World War IIEdit

The Great Synagogue was set on fire by the Germans in 1942 and in the 1950s the remnants were completely razed by the Soviet regime.[11]

Following the Nazi-Soviet Pact the city was occupied by Soviet forces on 19 September 1939. On 23 June 1941 the city was occupied by Germany and attached to the Reichskommissariat Ukraine, and immediately the Jewish community of 11,554 began to be persecuted. Between September 1 and 3, 1942, 25,000 Jews from the local area were shot at Piatydni. On November 13, 1942, the Germans killed another 3,000 Jews from the town near Piatydni. During World War II, a German concentration camp was located near the city. About 140 Jews returned to the city after the war, but most later emigrated. By 1999 only 30 remained.[12]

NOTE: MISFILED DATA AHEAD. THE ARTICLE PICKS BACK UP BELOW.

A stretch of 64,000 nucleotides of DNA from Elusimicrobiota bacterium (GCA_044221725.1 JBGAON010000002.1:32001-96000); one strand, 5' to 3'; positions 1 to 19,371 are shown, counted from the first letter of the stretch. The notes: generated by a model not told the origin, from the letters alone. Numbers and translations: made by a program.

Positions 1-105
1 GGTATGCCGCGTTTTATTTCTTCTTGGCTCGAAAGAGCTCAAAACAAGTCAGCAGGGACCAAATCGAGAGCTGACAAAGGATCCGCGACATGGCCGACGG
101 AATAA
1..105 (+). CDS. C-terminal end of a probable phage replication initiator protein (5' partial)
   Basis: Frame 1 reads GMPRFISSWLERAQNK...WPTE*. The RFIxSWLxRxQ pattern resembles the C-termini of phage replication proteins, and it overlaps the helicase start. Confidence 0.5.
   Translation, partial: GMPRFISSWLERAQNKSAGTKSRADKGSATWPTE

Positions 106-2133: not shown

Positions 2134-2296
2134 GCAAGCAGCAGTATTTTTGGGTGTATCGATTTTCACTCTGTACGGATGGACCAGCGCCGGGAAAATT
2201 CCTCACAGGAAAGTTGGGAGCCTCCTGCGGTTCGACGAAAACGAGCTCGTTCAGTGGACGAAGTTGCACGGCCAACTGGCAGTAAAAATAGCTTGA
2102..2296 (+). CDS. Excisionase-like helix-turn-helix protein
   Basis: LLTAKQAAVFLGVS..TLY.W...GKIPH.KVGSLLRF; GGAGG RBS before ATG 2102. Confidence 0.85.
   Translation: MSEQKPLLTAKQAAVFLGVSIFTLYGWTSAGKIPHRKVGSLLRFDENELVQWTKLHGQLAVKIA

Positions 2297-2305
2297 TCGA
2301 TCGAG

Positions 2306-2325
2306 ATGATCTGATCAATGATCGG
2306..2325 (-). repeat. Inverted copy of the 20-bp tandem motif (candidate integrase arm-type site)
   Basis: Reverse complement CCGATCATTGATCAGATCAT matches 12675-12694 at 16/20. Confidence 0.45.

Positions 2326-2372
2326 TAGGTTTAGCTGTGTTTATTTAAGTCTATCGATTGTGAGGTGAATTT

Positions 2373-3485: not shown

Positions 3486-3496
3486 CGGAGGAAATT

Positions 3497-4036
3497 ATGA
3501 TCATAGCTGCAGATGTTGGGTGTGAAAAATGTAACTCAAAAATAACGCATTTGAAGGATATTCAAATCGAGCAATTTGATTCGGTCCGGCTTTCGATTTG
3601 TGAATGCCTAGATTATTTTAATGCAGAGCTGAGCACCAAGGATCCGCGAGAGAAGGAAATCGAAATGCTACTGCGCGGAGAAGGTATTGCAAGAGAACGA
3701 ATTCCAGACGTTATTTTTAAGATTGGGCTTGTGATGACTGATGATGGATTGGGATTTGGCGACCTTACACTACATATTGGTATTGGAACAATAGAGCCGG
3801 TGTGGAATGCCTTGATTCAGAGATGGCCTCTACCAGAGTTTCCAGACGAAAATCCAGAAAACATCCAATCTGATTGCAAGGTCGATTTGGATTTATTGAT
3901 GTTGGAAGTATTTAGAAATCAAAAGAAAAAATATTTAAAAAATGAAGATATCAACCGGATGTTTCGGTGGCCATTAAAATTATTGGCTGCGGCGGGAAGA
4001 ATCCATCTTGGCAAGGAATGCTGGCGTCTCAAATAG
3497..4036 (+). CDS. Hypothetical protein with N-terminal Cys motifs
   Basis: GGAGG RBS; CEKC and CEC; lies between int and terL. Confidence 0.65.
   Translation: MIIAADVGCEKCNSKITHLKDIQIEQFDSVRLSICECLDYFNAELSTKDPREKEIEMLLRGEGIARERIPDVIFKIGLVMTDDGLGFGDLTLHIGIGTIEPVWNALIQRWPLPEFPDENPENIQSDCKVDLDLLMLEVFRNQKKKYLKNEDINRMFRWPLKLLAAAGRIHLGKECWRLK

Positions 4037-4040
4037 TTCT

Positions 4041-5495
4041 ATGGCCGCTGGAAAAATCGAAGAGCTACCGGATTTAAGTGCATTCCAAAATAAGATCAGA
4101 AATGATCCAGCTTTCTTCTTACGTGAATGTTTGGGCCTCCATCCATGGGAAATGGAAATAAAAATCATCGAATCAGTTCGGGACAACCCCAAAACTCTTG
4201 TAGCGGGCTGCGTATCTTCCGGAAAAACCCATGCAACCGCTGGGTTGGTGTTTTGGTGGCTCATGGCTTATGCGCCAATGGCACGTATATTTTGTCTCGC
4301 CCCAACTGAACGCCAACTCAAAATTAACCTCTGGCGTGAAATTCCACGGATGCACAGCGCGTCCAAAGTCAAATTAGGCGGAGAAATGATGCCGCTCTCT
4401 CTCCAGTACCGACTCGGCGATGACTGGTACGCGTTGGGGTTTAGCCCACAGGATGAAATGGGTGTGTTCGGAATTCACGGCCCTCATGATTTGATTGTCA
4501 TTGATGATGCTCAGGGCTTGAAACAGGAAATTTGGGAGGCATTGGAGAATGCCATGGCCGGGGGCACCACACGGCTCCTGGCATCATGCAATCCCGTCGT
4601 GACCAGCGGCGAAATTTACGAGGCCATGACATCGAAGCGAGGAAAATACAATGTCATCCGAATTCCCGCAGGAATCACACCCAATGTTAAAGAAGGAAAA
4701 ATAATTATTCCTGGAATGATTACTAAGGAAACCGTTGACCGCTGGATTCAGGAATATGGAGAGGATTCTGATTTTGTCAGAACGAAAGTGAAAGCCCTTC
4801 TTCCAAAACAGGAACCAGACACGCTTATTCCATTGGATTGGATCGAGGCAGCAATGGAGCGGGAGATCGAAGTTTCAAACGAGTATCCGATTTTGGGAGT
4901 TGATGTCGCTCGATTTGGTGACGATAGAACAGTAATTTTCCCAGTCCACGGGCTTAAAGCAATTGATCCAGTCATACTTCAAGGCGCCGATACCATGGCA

In 1943, occupied Włodzimierz became a shelter for Poles escaping the genocide carried out by Ukrainian nationalists of the UPA.[10] UPA attacks took place mainly in the suburbs. Poles were defended both by the Polish police established with the consent of the Germans and an illegal self-defense unit. In Włodzimierz, Poles suffered from overpopulation, hunger and diseases.[10] According to later research by Władysław Siemaszko and Ewa Siemaszko, a total of 111 Poles were killed in a dozen UPA attacks in Włodzimierz.[10] After the war, the vast majority of Polish residents of Włodzimierz was displaced to the post-war Polish territories, as Włodzimierz was annexed from Poland by the Soviets.[10]